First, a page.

By Joan Butler

During the past year, I decided to make use of my “down time” by taking advantage of lectures on gardening and horticulture that were offered via Zoom. Thank goodness for Zoom! I also decided that this would be the perfect time to continue my studies in the National Garden Club’s Environmental School program. The State Garden Club of Missouri was offering Course 2 remotely in March at a time that worked for me, so I signed up. It was a great course, and it was especially relevant because, although many of the environmental issues affecting Missouri are different than the issues that affect us here in New England, I found that many of them are exactly the same.

Malissa Briggler, the head botanist of the Missouri Department of Conservation, was the instructor for the class on “Endangered Plant Species of Missouri”. She also talked about plants that are on the Missouri invasive plant list and their impact on native plants. According to the World Wildlife Fund, Massachusetts is in the “temperate broadleaf and mixed forests” biome, and Missouri is in the “temperate grasslands, savannas and shrublands” biome. Two very different environments, but the overlap of invasive plants on the list for both states was sobering: Japanese knotweed, burning bush, Autumn olive, purple loosestrife, Oriental bittersweet, garlic mustard, mutiflora roses – and the list goes on and on. At first, it was discouraging to realize that the thugs we battle here in Massachusetts are so widespread beyond our state that it is obvious they are here to stay. But it also underscored the fact that environmental issues are not just local issues, they are national/global issues that involve us all. 

Bradford Pear saplings on the side of the road

Bradford Pear saplings on the side of the road

One of the plants on the Missouri invasive list is Bradford or Callery pear. This was discussed at length because of its impact in displacing native plants and overtaking open fields. This reminded me that Doug Tallamy (author of Bringing Nature Home) spoke about the invasive tendencies of Bradford pear at a program I attended a few years ago. And recently, Uli Lorimer, of the Native Plant Trust, said that Bradford pear was a plant that was being watched.

Callery pear tree.jpg

Callery pear is native to Asia. It was brought to the US in the early 1900s because of its resistance to fire blight. Hybridizing efforts ultimately produced a cultivar with an upright rounded shape, white flowers, no thorns and red fall foliage. It was named ‘Bradford’ and was introduced by the US Department of Agriculture as an ornamental landscape tree in the 1960s. Bradford pears are considered self-incompatible, which means they cannot be self-pollinated, nor can they be cross-pollinated by another tree of the same cultivar because they are all genetically the same. But, in time, other cultivars were introduced commercially (eg. ‘Chanticleer’, ‘Aristocrat’, ‘Autumn Blaze) which led to opportunities for cross-pollination and abundant fruit formation. Birds and other animals eat the fruit and spread the seed far and wide.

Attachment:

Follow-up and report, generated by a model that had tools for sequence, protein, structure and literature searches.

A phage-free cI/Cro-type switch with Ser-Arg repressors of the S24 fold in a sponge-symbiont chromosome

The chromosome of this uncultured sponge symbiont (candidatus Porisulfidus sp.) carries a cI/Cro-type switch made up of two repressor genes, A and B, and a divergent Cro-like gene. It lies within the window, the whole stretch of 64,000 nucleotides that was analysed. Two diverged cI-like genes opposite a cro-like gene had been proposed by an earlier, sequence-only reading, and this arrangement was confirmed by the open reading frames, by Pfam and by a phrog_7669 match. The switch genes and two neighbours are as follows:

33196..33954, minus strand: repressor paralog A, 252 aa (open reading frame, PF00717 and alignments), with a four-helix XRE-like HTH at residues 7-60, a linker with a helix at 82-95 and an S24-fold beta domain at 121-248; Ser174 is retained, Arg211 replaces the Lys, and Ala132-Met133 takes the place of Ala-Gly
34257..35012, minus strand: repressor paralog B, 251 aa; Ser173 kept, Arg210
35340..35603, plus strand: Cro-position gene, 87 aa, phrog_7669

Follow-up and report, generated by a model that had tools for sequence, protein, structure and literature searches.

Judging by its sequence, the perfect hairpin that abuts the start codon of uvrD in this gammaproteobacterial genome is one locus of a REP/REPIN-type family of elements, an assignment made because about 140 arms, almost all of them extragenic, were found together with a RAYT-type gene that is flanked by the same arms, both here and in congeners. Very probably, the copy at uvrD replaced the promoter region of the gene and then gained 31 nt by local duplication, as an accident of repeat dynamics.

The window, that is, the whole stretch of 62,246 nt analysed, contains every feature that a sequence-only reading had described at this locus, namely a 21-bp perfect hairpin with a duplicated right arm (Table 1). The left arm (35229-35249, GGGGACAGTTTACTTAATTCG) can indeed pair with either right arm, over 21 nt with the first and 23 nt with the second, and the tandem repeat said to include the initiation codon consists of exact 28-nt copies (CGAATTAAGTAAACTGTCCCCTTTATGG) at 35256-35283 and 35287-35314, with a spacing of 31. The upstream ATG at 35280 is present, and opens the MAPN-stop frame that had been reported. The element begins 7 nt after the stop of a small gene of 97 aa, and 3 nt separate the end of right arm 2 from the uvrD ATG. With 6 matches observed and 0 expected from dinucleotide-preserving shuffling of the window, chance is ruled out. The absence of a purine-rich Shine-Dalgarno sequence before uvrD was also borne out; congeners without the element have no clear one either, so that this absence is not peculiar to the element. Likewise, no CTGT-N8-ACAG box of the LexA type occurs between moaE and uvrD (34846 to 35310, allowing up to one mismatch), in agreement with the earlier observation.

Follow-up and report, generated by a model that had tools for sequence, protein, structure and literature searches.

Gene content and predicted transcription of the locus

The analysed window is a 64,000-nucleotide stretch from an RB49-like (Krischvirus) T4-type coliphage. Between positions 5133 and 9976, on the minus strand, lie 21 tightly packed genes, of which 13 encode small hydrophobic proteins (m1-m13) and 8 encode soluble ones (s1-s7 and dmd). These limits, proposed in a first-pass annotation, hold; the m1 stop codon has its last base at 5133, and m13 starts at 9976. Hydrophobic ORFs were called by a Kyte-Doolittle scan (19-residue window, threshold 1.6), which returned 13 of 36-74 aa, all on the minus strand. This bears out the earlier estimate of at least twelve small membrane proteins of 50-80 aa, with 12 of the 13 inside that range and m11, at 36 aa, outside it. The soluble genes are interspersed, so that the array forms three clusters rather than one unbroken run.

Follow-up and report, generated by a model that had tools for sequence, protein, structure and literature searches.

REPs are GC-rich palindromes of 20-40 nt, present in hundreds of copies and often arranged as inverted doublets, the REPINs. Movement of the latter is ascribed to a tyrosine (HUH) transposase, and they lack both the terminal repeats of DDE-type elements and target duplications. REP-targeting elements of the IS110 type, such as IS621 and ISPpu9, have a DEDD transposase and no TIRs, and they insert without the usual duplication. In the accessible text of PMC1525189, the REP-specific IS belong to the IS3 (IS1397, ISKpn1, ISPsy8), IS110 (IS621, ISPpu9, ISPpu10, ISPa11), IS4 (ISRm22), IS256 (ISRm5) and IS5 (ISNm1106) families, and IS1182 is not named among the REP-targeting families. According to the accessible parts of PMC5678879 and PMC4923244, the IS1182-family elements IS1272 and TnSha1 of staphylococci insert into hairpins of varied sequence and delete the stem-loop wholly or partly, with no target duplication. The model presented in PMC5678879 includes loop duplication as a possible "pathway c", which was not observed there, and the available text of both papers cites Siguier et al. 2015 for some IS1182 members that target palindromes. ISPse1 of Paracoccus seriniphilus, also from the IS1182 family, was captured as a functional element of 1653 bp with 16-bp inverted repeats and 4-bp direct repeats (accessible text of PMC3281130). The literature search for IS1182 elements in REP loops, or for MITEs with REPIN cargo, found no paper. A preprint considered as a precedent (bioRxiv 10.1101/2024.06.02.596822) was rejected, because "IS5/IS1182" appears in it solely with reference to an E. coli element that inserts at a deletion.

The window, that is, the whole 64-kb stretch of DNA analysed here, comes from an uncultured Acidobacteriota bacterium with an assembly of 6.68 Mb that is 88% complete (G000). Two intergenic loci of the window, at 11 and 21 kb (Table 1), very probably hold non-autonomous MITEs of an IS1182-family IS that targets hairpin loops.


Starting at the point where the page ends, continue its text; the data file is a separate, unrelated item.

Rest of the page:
bradford pear flower.jpgCallery pear, autumn.jpg

As is typical of apple or other pear trees, the seeds produced by Callery pear cultivars do not come true to type. They are often more like the original wild types, and many now bear thorns just like the wild types. They grow densely along roadsides, fields, disturbed areas at the edge of woodlands and in open woods. Although pollinators may be attracted to the flowers, our native insects do not feed on the leaves, which means that Callery pears are a “food desert’ for many songbirds that rely on insects for food. Additionally, they leaf out before many of our native trees do and hold onto their leaves longer in the fall.

bradford pear street view.jpg

Bradford pears are nearing the end of their bloom cycle here in Metrowest Boston. They are very identifiable because of their early bloom time, profusion of white flowers and upright rounded shape. Because I had learned more about them so recently, I became very aware of just how prevalent they are here. They are street trees, neighborhood trees, lawn trees, park trees – they are everywhere! I noticed some areas where they had shown up along roads, and one area with a dozen or so along the edge of a vacant lot. I’ll be on the watch for fruit later in the season. 

In Missouri , in celebration of Arbor Day, homeowners have been offered a free sapling of a native tree if they show pictorial proof that they have cut down a Callery pear cultivar on their property. Clemson University Extension in South Carolina has offered a similar “buy back” program. It’s hard to predict if it will come to that here in Massachusetts, but in light of the fact that so many of the plants that are on our Invasive Plant List are also on the Invasive Plant Lists of other states, it is certainly something of which we should be aware.